Benwell (2016), in his recent article for Transactions of the Institute of British Geographers, turned his attention on how everyday memories form geopolitical subjectivity. His specific empirical case was young people living on the Falkland Islands, and their engagement with memories etched into the social and physical landscape. Using this discourse when looking at Oriel college, one is able to ponder the presence of the Cecil Rhodes statue and consider how it plays a continually evolving role in the geopolitical memories of those who encounter it.

The statue in Oriel College is not new; it was erected with the construction of the Rhodes Building in 1911 from funds left to the college by Cecil Rhodes himself. Therefore we can assume that in the past the statue was probably missed or completely ignored by the majority of people who passed it – indeed no one is claiming that until last year all people walking along High Street silently condoned the statue’s existence. However the success of the Rhodes Must Fall movement, bringing the issues of an ongoing racist colonial history to international consciousness, has meant that the presence of the statue has been elevated. This elevation has enabled the revival of memories of a horrific colonial past to be found; engaging new geopolitical subjectivities. But now that the University has made its decision to keep the statue, what does this mean for the Rhodes Must Fall movement?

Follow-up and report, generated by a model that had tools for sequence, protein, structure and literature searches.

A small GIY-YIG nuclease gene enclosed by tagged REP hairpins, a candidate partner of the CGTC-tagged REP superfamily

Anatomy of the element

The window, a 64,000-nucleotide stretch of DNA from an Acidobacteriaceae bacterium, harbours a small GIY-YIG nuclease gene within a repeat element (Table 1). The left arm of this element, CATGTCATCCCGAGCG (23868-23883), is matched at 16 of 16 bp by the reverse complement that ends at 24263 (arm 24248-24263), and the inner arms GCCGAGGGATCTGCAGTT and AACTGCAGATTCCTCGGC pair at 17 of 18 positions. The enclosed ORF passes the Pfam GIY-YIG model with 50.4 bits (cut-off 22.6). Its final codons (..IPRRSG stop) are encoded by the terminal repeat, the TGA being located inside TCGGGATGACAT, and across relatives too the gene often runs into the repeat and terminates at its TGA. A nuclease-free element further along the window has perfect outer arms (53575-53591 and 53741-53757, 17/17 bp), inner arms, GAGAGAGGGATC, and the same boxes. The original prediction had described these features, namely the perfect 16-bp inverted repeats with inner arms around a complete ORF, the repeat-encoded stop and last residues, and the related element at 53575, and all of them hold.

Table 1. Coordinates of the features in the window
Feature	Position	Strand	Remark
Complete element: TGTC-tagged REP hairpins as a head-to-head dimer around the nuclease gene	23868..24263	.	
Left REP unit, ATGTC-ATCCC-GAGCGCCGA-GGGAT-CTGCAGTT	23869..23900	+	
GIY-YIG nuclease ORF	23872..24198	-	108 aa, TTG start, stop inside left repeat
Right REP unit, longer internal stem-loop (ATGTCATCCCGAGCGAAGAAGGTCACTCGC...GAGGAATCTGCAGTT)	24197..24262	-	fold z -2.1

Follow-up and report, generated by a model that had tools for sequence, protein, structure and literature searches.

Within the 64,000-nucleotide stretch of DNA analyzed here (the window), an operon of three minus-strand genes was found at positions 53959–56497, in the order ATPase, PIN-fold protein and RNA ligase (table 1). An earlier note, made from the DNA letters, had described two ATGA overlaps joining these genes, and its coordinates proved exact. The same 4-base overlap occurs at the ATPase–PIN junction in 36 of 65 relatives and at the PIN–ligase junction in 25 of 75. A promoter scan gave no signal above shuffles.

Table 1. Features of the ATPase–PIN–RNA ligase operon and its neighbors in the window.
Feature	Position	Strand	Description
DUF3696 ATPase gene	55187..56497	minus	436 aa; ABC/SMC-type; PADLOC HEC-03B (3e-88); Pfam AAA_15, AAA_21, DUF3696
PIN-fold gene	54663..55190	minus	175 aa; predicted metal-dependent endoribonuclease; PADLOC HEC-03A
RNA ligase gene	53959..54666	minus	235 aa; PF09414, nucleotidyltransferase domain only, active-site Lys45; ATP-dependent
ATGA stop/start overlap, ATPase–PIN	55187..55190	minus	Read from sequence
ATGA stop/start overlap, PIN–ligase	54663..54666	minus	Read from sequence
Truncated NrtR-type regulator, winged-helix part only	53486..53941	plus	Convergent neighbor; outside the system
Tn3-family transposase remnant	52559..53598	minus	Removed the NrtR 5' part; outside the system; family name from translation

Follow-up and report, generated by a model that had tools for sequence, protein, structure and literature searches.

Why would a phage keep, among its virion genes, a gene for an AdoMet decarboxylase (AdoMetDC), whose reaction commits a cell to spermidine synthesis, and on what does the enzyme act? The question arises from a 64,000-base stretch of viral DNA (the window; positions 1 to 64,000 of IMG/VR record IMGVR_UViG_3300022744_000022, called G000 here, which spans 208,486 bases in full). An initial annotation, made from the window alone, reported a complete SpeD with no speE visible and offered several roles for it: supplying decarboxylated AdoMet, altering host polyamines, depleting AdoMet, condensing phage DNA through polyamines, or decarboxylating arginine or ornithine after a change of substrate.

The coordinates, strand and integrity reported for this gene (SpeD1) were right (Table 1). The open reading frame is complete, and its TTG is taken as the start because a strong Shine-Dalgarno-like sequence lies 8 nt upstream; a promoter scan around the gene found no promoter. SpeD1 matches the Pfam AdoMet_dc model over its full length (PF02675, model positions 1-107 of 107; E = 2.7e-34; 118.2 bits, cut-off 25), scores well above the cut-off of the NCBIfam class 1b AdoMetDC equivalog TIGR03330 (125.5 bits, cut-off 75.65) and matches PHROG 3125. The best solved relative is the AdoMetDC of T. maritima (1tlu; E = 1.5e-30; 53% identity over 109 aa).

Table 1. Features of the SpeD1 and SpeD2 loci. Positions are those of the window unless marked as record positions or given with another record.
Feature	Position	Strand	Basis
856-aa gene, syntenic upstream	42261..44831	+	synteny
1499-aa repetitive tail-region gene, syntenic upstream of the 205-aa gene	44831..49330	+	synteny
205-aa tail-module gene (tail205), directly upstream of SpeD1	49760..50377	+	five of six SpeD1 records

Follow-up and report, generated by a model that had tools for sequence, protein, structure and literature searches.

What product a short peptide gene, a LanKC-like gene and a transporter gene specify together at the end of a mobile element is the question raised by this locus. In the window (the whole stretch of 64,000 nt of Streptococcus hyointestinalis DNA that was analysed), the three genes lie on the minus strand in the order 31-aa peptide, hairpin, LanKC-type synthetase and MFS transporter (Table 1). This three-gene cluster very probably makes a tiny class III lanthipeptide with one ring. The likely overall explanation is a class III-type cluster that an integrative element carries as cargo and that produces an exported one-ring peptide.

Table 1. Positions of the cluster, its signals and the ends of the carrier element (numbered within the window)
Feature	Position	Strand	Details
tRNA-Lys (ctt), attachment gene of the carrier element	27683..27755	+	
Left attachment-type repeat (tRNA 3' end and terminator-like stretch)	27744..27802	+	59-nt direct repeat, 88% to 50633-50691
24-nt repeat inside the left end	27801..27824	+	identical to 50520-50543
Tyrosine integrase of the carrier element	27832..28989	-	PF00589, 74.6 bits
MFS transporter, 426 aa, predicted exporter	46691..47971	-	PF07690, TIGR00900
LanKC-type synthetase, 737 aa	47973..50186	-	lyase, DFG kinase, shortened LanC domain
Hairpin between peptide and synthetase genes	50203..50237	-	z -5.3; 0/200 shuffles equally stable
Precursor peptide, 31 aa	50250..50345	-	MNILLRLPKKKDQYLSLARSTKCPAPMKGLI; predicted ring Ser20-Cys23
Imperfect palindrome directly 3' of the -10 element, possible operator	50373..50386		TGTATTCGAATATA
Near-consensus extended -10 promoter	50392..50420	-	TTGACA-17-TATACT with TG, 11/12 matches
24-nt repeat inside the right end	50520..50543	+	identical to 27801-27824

Arguing about whether it was right or wrong for the University to keep the statue will not help develop this narrative. Instead we should consider; what is revealed by the decision of the University to keep it? Lefebvre (1991) indicated in his work The Production of Space that all spaces are always actively produced by those who either perceive, conceive, or live the space. Here we have, on one side, a University controlling the space through its decision to keep the statue – creating the representation of space – and on the other side a movement of students who are occupying this space on High Street – making it representational space. The inability of the Rhodes Must Fall movement to remove the statue, indicates that despite appearing in the space they are fundamentally alienated from the construction of this space. Those controlling the space on the other hand, are able to impose upon these users their own representations of the space. Lefebvre warns that such impositions, by the controlling force of the University, will make “permanent transgression inevitable” (Lefebvre, 1991: 23) if the lived enactment of the space continues to be occupied by those alienated from its control.